It’s impressive how Zach Leatherman built an archive of all his tweets on his personal website to take ownership of them. That way all his tweets will be preserved even if Twitter goes away one day.
I’ve invested a lot into Twitter and I’ve received a lot of value from Twitter. I’ve made a lot of friends and professional connections on the site. I’ll be sad when Twitter goes away. Without a doubt, it will go away. It’s only a question of when.
He is using his static page generator Eleventy to generate over 27k pages with every build (unfortunately he doesn’t tell us how long each build takes - I would be very interested to know this).
Instead of archiving all my tweets on my website, I try to post nothing important on Twitter, but use my blog whenever I have something to say that should be preserved for all eternity. I then post the link to my fediverse account and Twitter. I also mass-delete tweets sometimes.
I know, it’s a medium.com link again, but I’m still a Medium member until my membership expires next March. OneZero has some great articles though. If you don’t have a Medium membership, open the link in a private browser tab.
To compensate open-source programmers for this kind of service, Stenberg believes that large companies should pay for support contracts from the developers of a library, which would compensate them for their time and help ensure a project is actually maintained for the long haul.
This is an interesting article about open source / free software, companies rely on, but refuse to ensure (by donating or buying support contracts) that they keep getting maintained. Open source monetization is a difficult and controversial topic, but I think companies that rely on those software and earn billions by using it in their products (like Apple does by using cURL), should take some responsibility and reward the free work by maintainers. Sure, some people do the maintaining work just for fun, but that doesn’t mean they should be exploited.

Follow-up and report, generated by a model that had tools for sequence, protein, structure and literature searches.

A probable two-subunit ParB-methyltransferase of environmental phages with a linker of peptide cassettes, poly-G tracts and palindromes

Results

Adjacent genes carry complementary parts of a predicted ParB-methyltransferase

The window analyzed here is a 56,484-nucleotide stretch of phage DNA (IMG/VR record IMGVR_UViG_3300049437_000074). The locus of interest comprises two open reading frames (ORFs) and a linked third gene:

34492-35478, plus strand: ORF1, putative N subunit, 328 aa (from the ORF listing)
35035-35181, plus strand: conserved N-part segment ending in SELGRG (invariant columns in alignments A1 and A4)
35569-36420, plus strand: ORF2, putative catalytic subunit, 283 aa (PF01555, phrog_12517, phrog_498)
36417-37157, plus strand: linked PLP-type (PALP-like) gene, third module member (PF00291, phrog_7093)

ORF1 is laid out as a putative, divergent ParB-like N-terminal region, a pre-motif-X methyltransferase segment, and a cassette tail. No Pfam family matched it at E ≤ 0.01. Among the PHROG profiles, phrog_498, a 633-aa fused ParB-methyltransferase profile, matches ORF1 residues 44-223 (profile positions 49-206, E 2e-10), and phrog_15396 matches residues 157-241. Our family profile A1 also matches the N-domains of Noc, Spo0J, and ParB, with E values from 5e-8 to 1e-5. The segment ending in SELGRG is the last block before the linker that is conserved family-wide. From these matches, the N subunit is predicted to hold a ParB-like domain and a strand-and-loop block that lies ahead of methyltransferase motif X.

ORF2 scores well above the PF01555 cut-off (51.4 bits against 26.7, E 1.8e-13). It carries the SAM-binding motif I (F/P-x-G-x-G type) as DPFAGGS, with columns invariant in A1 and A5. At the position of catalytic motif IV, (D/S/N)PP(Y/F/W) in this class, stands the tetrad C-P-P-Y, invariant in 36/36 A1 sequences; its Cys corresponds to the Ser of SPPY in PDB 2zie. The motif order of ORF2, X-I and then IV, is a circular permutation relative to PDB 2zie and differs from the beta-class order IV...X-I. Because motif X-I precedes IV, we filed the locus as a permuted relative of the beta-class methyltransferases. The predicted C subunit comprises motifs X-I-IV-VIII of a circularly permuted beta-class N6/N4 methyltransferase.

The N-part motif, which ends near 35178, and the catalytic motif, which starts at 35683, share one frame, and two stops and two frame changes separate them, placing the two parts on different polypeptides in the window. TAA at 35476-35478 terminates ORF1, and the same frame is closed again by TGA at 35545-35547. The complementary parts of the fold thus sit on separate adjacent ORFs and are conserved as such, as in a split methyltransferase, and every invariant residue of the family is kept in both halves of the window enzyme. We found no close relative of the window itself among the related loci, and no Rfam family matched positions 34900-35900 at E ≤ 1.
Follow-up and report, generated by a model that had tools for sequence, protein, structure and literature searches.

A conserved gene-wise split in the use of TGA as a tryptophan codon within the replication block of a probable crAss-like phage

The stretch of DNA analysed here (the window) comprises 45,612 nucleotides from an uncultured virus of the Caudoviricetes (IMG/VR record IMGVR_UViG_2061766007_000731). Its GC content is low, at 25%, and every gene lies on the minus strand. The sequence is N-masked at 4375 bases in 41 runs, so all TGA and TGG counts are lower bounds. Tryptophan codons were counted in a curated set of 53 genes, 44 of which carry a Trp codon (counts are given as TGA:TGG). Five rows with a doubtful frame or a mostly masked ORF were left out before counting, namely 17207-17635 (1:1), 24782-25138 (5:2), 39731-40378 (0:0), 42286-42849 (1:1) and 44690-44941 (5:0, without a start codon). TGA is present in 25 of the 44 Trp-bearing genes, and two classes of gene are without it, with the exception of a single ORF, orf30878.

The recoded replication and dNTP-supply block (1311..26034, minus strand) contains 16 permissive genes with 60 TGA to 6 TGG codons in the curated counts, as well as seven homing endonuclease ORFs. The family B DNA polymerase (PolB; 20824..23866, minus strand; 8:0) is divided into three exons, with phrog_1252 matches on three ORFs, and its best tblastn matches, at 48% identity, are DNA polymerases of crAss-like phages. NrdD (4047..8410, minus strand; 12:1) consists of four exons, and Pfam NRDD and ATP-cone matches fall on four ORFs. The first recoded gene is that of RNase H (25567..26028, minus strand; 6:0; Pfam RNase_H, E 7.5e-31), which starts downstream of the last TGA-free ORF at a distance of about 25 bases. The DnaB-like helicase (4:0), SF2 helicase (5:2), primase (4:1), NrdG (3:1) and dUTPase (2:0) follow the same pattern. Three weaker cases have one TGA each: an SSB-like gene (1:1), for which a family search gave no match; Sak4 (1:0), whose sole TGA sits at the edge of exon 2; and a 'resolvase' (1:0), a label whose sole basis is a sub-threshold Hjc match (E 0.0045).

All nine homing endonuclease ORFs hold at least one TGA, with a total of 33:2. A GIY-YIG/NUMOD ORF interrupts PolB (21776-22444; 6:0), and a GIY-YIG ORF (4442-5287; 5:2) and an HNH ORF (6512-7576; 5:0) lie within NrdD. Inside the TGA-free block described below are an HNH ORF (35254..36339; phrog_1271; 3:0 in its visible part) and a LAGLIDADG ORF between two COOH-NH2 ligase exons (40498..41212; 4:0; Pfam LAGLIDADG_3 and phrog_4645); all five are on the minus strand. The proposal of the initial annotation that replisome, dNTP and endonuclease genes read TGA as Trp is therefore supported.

Sorry for sharing a Medium.com link, but this is an article I really want to highlight.
Yesterday, Apple held it’s keynote presenting new iPhone, iPad and Apple Watch hardware as well as Arcade and TV+. I didn’t watch the event that was praised by Apple with “By Innovation Only”, but I read it was super boring. Old hardware with a new package.
But that’s probably a good thing. Because the new iPhones / iPads / Apple Watches are so boring, a lot of people probably won’t upgrade their Apple hardware like they did the last years. Because why should one buy a new phone for more than a thousand bucks, if it just has a slightly bigger battery, a slightly better processor and slightly better camera? Nothing groundbreaking.
The most environmentally friendly phone is the one that’s already in your pocket.
This article on OneZero (soft paywall, open it in a private browser tab) talks about Apple trying to tell people they are doing good, because they are using “recycled aluminum”. Although “most of the aluminum in circulation is already recycled”. It also criticizes Apple’s “iPhone Upgrade Program, which encourages consumers to switch to a new model every year.”
The best way to help the environment is to continue using your existing phone (the phone already in your pocket) as long as possible and after that buy a phone that’s better repairable like the Fairphone. It would be also great if manufacturers, especially of Android devices, provide software updates for a longer time, but unfortunately that’s just an impossible dream.